enter image description here

Suppose I play this section on a piano.

Should C4 be pressed down 2 separate times?

Or should I just hold it until the end (pressing keys C4GAC5, then ONLY F)?

Thanks a lot!

* For the context, it's from Chopin's Etudes No. 10 Op. 12. Here is one whole line of the sheet: enter image description here

  • The fifth and the flat sixth just sound horrific when played together. I have no idea why you would want to play them at the same time.
    – Marc Perry
    Nov 13, 2016 at 7:46
  • 1
    I don't know either, Chopin once decided to put it there
    – Phoebus
    Nov 13, 2016 at 7:47

2 Answers 2


Both the Ab and the C stay held for the whole bar. The G changes to F half way through.The top C is held for only 3 beats, but since it's the top voice, with up tail, it really needs a crotchet rest after the second chord. A tie will only join two (or more) notes that are the same. So it won't join anything except the two Cs. Afraid it's not very well written at all!

  • Your question shows that you recognize it as a tie, so you know the answer. It's a peculiar way to write it though, when one voice already uses a whole note. Why not that voice too? Perhaps there is context that you haven't mentioned? Nov 11, 2016 at 20:14
  • @LaurencePayne Thanks for the response! For the context, this is from Chopin's Étude Op. 10, No. 12. As for the question, I wasn't sure how strong is tie notation acting on notes. I tried to look up the definition first but I didn't find one that is specific enough to solve my problem. It would be great if you could let me know anything that I can refer to.
    – Phoebus
    Nov 11, 2016 at 21:01
  • Will Wikipedia do? In this case it offers a concise and correct definition: "In music notation, a tie is a curved line connecting the heads of two notes of the same pitch and name, indicating that they are to be played as a single note with a duration equal to the sum of the individual notes' values. A tie is similar in appearance to a slur, however slurs join notes of different pitches which need to be played independently, but seamlessly." en.wikipedia.org/wiki/Tie_(music) Nov 12, 2016 at 17:39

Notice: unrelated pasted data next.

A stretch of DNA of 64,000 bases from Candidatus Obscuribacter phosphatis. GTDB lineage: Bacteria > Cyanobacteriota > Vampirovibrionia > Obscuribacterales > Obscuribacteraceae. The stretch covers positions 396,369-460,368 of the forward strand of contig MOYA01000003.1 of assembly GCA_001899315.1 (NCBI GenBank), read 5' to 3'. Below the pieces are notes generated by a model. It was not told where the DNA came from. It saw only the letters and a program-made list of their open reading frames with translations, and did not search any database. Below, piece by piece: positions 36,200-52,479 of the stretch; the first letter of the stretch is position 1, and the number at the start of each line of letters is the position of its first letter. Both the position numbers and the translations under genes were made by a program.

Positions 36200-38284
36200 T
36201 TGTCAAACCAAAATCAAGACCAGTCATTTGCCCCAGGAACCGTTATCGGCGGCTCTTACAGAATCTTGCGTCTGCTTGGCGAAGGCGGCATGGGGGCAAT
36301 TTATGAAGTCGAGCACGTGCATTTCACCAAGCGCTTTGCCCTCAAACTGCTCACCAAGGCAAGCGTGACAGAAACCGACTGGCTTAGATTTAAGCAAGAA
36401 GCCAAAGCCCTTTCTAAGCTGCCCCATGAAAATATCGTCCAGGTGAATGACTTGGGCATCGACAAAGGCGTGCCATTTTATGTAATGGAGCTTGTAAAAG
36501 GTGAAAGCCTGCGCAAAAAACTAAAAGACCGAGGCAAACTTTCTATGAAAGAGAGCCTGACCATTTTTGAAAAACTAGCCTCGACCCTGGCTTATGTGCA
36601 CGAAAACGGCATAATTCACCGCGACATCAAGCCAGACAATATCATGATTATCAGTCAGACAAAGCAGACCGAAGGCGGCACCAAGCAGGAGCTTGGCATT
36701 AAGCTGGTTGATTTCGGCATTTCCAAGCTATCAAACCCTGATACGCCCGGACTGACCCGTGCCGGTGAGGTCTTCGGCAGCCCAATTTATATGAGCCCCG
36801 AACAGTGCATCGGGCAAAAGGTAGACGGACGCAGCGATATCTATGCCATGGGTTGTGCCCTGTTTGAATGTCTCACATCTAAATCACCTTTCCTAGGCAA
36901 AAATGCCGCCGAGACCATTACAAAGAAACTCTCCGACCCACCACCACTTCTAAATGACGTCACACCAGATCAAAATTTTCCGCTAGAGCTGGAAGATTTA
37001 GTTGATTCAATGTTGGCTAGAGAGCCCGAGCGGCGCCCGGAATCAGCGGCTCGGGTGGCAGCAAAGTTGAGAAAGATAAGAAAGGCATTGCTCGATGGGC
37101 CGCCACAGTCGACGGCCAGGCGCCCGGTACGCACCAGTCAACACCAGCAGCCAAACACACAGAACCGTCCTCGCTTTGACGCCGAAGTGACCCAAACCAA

• @LaurencePayne - the OP, probably a beginner, obviously wondered whether the dots on the down stem were tied together. Let's face it, it could be written far better, anyway. The Ab is a semibreve, and the low C could be also. There would be no doubt as to which voice it is, being the lowest note. Maybe if the OP had seen Wiki. the question wouldn't have been posed. It's so with quite a few.
    – Tim
    Nov 12, 2016 at 17:56
  • Hi @LaurencePayne, I checked WikiPedia in the first place. However because I learnt to play the piano in a language other than English in the very first place, I wasn't sure even after reading it, that whether under a tie notation the pitches are bounded together. I don't have my mentor around me so I decided to post a question here. Thanks for the help anyways.
    – Phoebus
    Nov 13, 2016 at 7:36

The OP's notation seems to be based on what was in the first edition, which apparently has a couple of typos in that bar - the Ab whole note is in a strange place, and the top C at the start of the bar doesn't have a dot.

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Most later editions have rewritten this with the bottom C as a whole note: enter image description here

enter image description here

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It has always been a challenge for engravers to lay out keyboard music of this complexity so it is "easy to read", and different publishers often come up with different solutions. Also note the variety of "creative interpretations" added to Chopin's simple directions of "pp" and "Poco rall"!

IMSLP is a great resource for comparing different editions of standard works like this - unless you are required to use a specified edition for an exam or a competition, look at everything available and make up your own mind how you want to play the piece.

  • May I know where did you find the version with ped notations? I have been gussing them myself this whole time. Thanks :D
    – Phoebus
    Nov 13, 2016 at 8:04
  • In the first example, the Ab semibreve is correctly placed -- according to engraving standards of the time. (French, anyway -- I'm not sure about elsewhere -- Artaria placed them at the left.) There was a convention that a note that fills a bar may be placed further to the right -- even about halfway across the bar! All the above applies when there are also shorter-duration notes at the start of the bar -- if all the bar's notes fill it, the issue doesn't arise, and, even nowadays, the notes may be put further away from the preceding bar line than is usual when there are shorter notes.
    – Rosie F
    Nov 13, 2016 at 8:30

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